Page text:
I Madonnari’s Second Life Began in Santa Barbara

Double Renaissance

I Madonnari

It wouldn’t be Memorial Day, and Santa Barbara wouldn’t be the American Riviera, without I Madonnari, a three-day festival that brings approximately 400 artists to the plaza in front of the mission to create more than 200 artworks out of pastel chalk, preparation, and hard work. With spectators swarming the mission courtyard and adjacent park, music playing in the background, and dozens of artists in big straw hats toiling away from morning until night, I Madonnari is like a picture postcard come to life. But although the event has become, in many ways, emblematic of the city, it is not always fully understood, either in its scope or its ambition. Our street painting festival-now one of more than 50 such worldwide-was the first North American event of its type, and, in its concept and organization, it remains the original for the vast majority of other street painting festivals across the continent and beyond. With its charitable goals, community orientation, and open attitude toward subject matter, our I Madonnari set the pattern that is now followed from Texas to Japan.

I Madonnari

The Italian street painting tradition, dating at least to the 16th century, is called “street painting” because of how closely the pictures can resemble the oil paintings the artists use as their models. The street painting tradition was nearly lost during World War II, when itinerant artists were forced to give up this centuries-old nomadic practice, and it was only through the intervention of the Italian Ministry of Culture and the church at Grazie di Curtatone that, in 1972, that a new tradition was established of celebrating the Feast of the Assumption on August 15 with a competition for street painters. Through this festival and competition, street painting was preserved, and the remarkable craft of creating ephemeral artworks was handed down to another generation.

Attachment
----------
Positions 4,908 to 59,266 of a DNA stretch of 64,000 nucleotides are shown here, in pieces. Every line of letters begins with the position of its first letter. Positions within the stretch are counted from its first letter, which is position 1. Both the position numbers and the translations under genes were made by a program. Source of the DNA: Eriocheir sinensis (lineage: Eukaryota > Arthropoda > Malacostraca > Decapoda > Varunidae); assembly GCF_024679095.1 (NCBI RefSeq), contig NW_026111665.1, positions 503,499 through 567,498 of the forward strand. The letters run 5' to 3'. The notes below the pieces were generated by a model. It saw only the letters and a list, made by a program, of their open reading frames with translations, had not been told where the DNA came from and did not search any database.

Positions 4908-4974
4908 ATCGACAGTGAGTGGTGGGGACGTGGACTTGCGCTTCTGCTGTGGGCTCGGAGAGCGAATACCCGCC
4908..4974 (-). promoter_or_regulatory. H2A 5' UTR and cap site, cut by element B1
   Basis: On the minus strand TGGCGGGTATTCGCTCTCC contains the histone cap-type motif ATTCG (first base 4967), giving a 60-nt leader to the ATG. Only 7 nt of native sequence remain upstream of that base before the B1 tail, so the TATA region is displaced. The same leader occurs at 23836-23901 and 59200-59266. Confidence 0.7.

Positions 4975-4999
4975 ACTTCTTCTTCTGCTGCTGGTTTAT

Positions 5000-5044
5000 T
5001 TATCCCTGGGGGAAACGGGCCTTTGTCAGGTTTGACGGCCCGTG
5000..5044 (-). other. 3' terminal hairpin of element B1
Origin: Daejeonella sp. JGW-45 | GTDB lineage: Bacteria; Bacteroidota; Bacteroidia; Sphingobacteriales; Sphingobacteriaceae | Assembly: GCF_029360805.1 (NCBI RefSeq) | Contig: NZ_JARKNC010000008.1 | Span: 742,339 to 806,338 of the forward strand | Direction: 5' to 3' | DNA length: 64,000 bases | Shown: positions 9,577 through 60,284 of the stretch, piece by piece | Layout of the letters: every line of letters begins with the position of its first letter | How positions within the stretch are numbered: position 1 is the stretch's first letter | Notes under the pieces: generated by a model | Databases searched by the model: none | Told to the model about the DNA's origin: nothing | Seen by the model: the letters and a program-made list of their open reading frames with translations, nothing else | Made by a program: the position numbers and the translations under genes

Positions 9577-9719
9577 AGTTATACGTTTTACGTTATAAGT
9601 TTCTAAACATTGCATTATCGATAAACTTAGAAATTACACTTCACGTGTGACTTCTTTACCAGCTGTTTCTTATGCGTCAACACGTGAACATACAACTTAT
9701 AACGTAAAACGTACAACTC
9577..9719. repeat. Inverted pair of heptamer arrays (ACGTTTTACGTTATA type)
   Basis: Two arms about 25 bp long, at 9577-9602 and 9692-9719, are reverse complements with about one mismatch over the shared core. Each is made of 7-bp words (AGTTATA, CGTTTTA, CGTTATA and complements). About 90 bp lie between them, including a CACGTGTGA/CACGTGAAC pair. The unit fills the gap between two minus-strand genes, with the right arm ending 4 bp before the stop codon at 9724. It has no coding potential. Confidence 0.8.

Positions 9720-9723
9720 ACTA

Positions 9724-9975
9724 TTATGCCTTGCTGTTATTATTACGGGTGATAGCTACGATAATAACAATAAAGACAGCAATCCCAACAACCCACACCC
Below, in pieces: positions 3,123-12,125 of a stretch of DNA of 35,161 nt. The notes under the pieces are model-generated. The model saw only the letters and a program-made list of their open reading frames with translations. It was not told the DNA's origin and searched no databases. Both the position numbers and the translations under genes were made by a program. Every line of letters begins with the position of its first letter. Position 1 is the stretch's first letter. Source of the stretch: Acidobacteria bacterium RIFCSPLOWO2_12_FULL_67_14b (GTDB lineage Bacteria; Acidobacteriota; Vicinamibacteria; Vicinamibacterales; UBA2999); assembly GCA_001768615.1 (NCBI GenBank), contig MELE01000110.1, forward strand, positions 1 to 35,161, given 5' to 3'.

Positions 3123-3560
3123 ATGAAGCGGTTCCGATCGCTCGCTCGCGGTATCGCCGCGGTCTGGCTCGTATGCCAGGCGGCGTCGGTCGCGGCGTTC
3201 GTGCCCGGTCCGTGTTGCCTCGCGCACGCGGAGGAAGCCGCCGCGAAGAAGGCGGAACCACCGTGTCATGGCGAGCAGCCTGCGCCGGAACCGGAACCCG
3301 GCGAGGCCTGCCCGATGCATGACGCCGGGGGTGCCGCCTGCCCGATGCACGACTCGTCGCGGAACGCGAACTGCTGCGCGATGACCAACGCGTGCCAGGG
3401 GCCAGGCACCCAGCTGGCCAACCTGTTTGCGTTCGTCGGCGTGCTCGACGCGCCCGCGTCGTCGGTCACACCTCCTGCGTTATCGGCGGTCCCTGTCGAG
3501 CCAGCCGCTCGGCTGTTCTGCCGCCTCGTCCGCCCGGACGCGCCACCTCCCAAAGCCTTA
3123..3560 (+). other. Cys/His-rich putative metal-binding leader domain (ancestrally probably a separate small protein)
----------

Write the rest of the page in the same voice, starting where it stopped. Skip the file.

For Kathy Koury, who brought the idea to Santa Barbara, the connection was to arts education. Brainstorming ideas in 1987 for an event that would benefit the Children’s Creative Project, a nonprofit that brings arts education to county schools, Koury hit upon the formula we still have today. She had seen the festival at Grazie di Curtatone, and she felt that, as a fundraiser for arts education, “this just made perfect sense. Like arts education, it is more about the process than the final product. There is a kind of magical relation there, and people have responded to it.”

Among those who have responded most dramatically are Delphine Louie and Jane Portaluppi Durand, Santa Barbara artists who have not only been longtime participants here but who have also traveled to compete at the original festival in Curtatone. Koury estimates that at least 10 Santa Barbara artists have made the journey and refers to it with a laugh as “Mecca-for street painters.” In August 2007, Louie was awarded the first prize in the Semplici category, joining a number of tri-county artists who have won in Italy. Louie’s entry, which took her nearly 20 hours to complete, involved a risky strategy that paid off in the end. At Curtatone, the I Madonnari is run according to strict rules. Each artist has only 24 hours to complete his or her work, and only one helper is allowed. In addition, all works must reflect the original religious subject matter of the Italian tradition-the Madonna and Child. For “La Belle Asian,” as Louie titled her work, she adapted a famous Italian Madonna and Child to a 21st-century subject-her sister and her niece.